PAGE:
As fashion and art are my passion, I'm very excited that LACMA's Senior Curator and Department Head of Costume and Textiles, Sharon Takeda, has dropped by Trust Your Style to talk about this incredibly rare costume acquisition.
To give you some quick background: London collector Martin Kamer and Galerie Ruf in Beckenried, Switzerland, both established dealers of fine historic European costume, started out as competitors but merged their holdings a few years ago to create LACMA's newly acquired collection, a deal that was three years in the making. It includes approximately 250 examples of fashionable dress and more than 300 accessories for men, women, and children dating from 1700 to 1915.
mjm: How did you feel and what were your thoughts when you first saw this collection?
sharon takeda: Upon entering the secured clean room within a free-port warehouse in Basel, Switzerland, I was first struck by the sheer quantity of objects that were packed in boxes, hung on racks, and stored in cabinets. The dealers had taken the time to place a few select costume pieces on mannequins in order for us to fully appreciate how impressive the pieces would be on exhibition. Over the course of a week, as we carefully examined each object, we were amazed at the number of rare objects and that the entire collection was in very good condition.
mjm: Could you talk a little about what it is about this collection that separates it and makes it stand-out from other venerable permanent fashion collections such as The Met, The Frick Collection, The V&A and others?
sharon takeda: LACMA's new European costume collection acquisition includes an unusually rare group of complete three-piece men's ensembles--coat, waistcoat, and breeches--from 1750 to 1810; an impressive array of women's ensembles documenting every period of significant stylistic change of eighteenth and nineteenth-century dress; and extremely rare children's fashionable dress from the eighteenth and nineteenth centuries. This collection fills major gaps in LACMA's existing collection and elevates it in these areas. In comparing LACMA's costume collection to The Met and V&A, one must consider the fact that the later two institutions were established in the second half of the nineteenth century, well before LACMA.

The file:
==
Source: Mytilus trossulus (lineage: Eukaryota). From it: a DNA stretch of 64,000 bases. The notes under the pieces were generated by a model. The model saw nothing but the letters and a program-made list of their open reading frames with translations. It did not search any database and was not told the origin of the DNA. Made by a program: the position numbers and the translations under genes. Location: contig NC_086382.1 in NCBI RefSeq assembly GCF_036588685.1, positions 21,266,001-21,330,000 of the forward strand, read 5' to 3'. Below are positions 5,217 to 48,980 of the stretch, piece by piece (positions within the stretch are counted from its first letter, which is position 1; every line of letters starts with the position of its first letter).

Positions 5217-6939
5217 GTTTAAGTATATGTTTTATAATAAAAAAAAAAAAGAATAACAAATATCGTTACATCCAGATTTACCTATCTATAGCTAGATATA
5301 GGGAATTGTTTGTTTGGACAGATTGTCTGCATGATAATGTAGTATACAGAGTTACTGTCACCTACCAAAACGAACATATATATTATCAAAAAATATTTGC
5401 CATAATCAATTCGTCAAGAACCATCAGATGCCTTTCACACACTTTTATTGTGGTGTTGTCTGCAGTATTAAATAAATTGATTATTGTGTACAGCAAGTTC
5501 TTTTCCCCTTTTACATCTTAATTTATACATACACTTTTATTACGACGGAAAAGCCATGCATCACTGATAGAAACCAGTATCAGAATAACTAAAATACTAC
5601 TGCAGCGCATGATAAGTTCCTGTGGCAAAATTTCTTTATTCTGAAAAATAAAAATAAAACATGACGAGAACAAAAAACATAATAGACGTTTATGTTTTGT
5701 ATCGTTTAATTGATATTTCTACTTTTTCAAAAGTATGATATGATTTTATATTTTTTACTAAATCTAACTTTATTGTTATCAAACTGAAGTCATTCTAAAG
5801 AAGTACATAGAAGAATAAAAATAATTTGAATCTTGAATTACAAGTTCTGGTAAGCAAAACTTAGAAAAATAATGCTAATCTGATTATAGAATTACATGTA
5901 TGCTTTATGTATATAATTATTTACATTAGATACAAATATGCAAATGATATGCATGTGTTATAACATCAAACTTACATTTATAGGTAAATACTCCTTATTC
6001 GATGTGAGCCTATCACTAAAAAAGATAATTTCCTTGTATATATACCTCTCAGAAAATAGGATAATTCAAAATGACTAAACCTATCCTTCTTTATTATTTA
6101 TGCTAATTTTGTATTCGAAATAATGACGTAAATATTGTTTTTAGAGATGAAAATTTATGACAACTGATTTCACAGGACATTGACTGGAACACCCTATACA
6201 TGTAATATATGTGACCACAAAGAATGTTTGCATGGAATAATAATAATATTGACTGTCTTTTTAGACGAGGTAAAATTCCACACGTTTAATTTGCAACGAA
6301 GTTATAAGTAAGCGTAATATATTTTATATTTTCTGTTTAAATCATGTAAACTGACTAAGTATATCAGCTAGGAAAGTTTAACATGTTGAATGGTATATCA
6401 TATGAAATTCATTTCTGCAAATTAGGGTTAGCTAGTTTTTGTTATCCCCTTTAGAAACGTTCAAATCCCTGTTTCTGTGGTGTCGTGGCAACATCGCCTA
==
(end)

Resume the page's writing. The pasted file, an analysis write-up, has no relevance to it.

mjm: Do you have any particular favorite pieces or personal favorite areas of the collection?
sharon takeda: I have many favorites, however, the 1790s man's waistcoat knitted in colors and motifs sympathetic to the French Revolution is an extremely rare and beautiful piece; an entire dissertation can be written about this historic garment.
mjm: How do you foresee this collection impacting Los Angeles and of course LACMA?
sharon takeda: We cannot wait to share this new collection, along with our existing encyclopedic permanent collection, with the people of Los Angeles and the world. LACMA already has an established reputation for mounting important exhibitions, both scholarly and beautiful. This new acquisition insures that we have a permanent collection that can continue to support such projects for generations to come.
mjm: Sharon, thank you so much for stopping by. Wishing you all the best with this project!
LACMA will present an inaugural exhibition of this new acquisition in 2010: Fashioning Fashion: European Dress in Detail, 1700–1915. The exhibit will tell the story of fashion's development from the Age of Enlightenment to World War I and will examine minute details of textile and clothing construction as well as broader cultural themes. Trust Your Style plans to cover the unfolding of this event every step of the way!